Posted on Apr 24
The former head of China's soccer association alleged he was tortured into confessing to bribe-taking as he and other officials faced trial in a crackdown on graft in Chinese football.

The former head of China's soccer association alleged Tuesday he was tortured into confessing to bribe-taking as he and other officials faced trial in a crackdown on graft in Chinese football, reports said.

Xie Yalong, ex-chief of the Chinese Football Association (CFA), went on trial in the northeast city Dandong for allegedly receiving bribes, state media said, becoming the highest-ranking former soccer official to face justice.

His successor as China's soccer boss, Nan Yong, was to go on trial a day later in a court in the city of Tieling, also for accepting bribes. Both cities are in Liaoning province.

But Xie told the court he was tortured with electric shocks, beaten, and doused with water while being interrogated during investigations, state media reports said.

The People's Daily quoted Xie's lawyer Jin Xiaoguang as saying his defendant feared for his life during the interrogation and confessed to crimes he did not commit "because he wanted to stay alive."

The popular Chinese web portal QQ.com reported Xie was beaten so hard in the head his ears bled.

Dozens of CFA and club officials, referees, and players have been ensnared for their roles in a match-fixing and gambling scandal exposed two years ago, which has rocked Chinese football by lifting the lid on deep-rooted corruption.

The revelations have combined with poor play by China's national squad to repel increasingly indifferent Chinese fans, threatening the future of the world's most popular game in the world's most populous country.

Xie, 56, was charged with 12 counts of accepting bribes, which totaled more than 1.7 million yuan ($273,000), Xinhua said.

China's World Cup team's chief of delegation, Nan Yong, speaks during a press conference in Kunming, 2002. The former head of China's soccer association alleged he was tortured into confessing to bribe-taking as he and other officials faced trial in a crackdown on graft in Chinese football

Xie's defence team moved to have any confessions made by the CFA's ex-boss thrown out as they were obtained illegally, the People's Daily said.

Xinhua said the court in Dandong also began the trials of Wei Shaohui, former manager of the Chinese national soccer team, and Li Dongsheng, former head of the CFA's referee committee.

Wei was accused of taking 1.23 million yuan in bribes, including 100,000 yuan from a player, Yan Feng, to help secure a spot on the national team.

The court in Tieling will also try four former Chinese internationals -- Shen Si, Qi Hong, Jiang Jin and Li Ming -- on Wednesday for taking bribes, the news agency added. Xinhua gave no further details on those charges.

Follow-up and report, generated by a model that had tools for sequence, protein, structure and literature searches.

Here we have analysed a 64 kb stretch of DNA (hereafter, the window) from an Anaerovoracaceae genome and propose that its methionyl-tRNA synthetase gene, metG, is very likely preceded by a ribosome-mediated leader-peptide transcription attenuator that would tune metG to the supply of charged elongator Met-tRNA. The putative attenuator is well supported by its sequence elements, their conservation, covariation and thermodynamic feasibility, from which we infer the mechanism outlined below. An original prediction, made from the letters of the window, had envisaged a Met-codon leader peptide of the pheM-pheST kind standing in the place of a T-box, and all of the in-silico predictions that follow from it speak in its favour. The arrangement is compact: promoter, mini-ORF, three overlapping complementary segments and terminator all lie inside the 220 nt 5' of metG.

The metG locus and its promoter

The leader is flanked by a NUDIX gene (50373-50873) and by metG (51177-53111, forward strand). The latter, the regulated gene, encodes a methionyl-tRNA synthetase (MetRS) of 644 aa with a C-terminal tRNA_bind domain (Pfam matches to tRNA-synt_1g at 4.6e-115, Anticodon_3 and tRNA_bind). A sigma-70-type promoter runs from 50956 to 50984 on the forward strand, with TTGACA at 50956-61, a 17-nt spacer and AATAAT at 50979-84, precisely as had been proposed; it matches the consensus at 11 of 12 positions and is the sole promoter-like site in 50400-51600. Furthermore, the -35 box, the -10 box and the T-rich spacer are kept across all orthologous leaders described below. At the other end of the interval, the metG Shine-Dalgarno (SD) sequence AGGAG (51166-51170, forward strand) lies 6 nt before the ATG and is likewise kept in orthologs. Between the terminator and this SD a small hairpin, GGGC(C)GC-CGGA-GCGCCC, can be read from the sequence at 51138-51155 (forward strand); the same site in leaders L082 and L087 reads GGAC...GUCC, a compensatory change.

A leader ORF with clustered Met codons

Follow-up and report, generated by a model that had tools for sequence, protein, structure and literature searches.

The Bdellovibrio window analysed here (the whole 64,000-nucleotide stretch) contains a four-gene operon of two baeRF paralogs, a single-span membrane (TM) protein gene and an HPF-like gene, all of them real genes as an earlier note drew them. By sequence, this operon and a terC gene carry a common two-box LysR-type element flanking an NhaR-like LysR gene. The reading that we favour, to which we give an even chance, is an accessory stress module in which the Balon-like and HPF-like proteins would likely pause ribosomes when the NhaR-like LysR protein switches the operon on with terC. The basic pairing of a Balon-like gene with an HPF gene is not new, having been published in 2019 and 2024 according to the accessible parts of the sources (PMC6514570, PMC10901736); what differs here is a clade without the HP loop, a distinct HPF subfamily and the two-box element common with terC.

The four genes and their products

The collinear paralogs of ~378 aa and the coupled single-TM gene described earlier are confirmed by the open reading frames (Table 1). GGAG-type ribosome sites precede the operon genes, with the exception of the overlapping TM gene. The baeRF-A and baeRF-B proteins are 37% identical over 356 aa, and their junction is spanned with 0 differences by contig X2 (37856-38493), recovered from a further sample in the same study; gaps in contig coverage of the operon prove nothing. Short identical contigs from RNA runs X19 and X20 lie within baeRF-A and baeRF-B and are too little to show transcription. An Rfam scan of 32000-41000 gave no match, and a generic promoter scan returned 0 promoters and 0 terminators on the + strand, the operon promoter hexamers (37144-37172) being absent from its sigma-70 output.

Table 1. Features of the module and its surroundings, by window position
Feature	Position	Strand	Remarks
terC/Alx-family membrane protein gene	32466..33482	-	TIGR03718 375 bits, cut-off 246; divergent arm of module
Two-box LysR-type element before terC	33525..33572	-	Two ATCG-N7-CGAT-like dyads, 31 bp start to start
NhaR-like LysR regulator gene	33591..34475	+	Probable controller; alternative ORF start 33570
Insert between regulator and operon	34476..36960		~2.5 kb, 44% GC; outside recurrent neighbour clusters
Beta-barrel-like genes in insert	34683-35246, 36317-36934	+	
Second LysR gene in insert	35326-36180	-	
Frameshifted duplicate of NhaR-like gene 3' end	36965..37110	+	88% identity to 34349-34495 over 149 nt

A staffer at the court in Dandong who declined to be identified confirmed Xie's trial started Tuesday but said he did not know when a verdict was expected.

AFP calls to the court in Tieling went unanswered, and a CFA spokesman declined comment. AFP was not immediately able to reach lawyers of the accused.

Both Xie and Nan were arrested in 2010 as a probe into the situation gained pace.

A court in February sentenced two top former CFA officials to more than a decade in jail each in the scandal.

The CFA's ex-deputy chief Yang Yimin was convicted of accepting bribes worth 1.25 million yuan from about 20 clubs to fix fitness test results and sentenced to 10 and a half years, state media said.

Zhang Jianqiang, the former director of the association's referee committee, received a 12-year jail term for taking bribes worth a total of 2.73 million yuan on 24 occasions, reports said.

Several club officials were also given lengthy terms, among them Wang Po, the former manager of a now defunct Tibetan side, who was sentenced to eight years for taking bribes and racketeering.

Former Qingdao Hailifeng president Du Yunqi was given eight years for racketeering and other charges, while Wang Xin, ex-head coach of Liaoning Guangyuan, was sentenced to seven years and fined 3.35 million yuan for bribery and gambling.

Corruption has long blighted football in Asia, with the Asian Football Confederation describing match-fixing as a "cancer" that is destroying the game.

Efforts to clamp down on illegal sports betting in Asia have seen hundreds of people arrested and millions of dollars confiscated, notably in China, Hong Kong and Malaysia.

The former head of China's soccer association alleged he was tortured into confessing to bribe-taking as he and other officials faced trial in a crackdown on graft in Chinese football.

The former head of China's soccer association alleged he was tortured into confessing to bribe-taking as he and other officials faced trial in a crackdown on graft in Chinese football.